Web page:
Don't Take Deadly Nightshade!

For centuries, stylish women knew that using deadly nightshade would enhance their natural beauty -- hence the other common name for the plant, belladonna, from the Italian for "beautiful woman." 

Our foremothers also knew that while eyedrops distilled from deadly nightshade dilate the pupils in a manner that they found attractive, the plant is also a dangerous poison.  Ingesting a handful of the toxic berries, or even a single leaf, can kill an adult. 

Fast forward to 2010, when the Toronto midnight bike crew and design collective Deadly Nightshades noticed a certain similarity between its ice-blue satin bomber jackets and two-tone leggings from last spring and fall, respectively (below left), and items currently on sale at American Apparel (below right). The Toronto Street Fashion site quickly joined the cross-border kerfluffle.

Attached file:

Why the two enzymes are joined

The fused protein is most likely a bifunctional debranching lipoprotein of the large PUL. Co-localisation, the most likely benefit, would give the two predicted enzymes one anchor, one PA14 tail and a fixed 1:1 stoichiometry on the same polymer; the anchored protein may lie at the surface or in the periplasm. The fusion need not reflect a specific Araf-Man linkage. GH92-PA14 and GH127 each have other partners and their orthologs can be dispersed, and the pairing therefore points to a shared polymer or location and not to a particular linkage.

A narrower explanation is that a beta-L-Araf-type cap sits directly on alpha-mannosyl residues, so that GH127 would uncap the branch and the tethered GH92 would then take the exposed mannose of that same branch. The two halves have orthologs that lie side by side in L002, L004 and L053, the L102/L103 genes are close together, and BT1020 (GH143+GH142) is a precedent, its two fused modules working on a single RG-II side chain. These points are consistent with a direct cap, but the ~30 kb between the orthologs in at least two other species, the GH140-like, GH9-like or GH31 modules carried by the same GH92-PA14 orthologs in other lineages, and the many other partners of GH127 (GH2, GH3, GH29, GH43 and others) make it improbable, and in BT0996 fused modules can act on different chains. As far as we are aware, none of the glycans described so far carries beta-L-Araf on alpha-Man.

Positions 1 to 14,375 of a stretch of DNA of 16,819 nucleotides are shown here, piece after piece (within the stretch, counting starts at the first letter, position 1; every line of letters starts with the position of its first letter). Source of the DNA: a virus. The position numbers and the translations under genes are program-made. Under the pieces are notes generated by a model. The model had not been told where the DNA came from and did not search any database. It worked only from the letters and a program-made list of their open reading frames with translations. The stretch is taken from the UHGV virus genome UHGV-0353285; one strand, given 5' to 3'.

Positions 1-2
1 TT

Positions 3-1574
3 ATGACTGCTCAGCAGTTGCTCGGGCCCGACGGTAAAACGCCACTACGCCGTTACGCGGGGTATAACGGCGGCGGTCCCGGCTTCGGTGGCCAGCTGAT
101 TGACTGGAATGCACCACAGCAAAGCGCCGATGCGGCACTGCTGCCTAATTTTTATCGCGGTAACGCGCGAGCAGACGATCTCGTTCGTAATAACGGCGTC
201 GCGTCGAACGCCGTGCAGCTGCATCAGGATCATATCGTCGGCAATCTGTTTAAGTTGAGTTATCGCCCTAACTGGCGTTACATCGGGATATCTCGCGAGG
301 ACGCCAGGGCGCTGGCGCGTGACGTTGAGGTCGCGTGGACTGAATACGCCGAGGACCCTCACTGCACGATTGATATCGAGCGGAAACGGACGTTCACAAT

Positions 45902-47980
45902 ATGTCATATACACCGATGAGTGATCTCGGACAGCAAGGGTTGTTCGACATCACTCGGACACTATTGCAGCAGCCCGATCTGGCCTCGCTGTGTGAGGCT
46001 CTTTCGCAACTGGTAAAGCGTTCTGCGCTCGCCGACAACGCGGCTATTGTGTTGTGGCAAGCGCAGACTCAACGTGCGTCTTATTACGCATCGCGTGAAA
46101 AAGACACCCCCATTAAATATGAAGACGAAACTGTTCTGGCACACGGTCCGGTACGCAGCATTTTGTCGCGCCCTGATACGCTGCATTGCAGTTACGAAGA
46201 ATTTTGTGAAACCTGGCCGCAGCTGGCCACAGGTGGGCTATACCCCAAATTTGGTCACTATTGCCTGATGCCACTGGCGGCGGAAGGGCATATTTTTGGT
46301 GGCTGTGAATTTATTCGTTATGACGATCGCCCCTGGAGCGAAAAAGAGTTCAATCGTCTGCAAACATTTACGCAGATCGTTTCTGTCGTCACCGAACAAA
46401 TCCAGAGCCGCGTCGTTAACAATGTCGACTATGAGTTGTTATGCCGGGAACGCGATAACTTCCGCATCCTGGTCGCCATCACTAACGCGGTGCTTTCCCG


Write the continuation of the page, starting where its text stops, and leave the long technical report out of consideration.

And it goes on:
Deadly_Nightshade_v_AmericanApparel_jkts_3-16-10_small.jpgDeadly_Nightshades_v_AmericanApparel_leggings_3-16-10.jpgLegally speaking, the Deadly Nightshades garments are very unlikely to have protection under either Canadian or American law, and in general are fairly basic designs.  (Even Chanel did quickly copied two-tone tights a couple of years ago.)  On the other hand, the American Apparel items are suspiciously similar to the Deadly Nighshades styles, from design to color to fabric choice.  And between financial woes, allegations of sexual harassment, immigration issues, and even a lawsuit by Woody Allen, Dov Charney doesn't need any more bad press.

So a word of caution to American Apparel:  Don't ever take Deadly Nightshade(s).  At least from a reputational perspective it can be, well, deadly.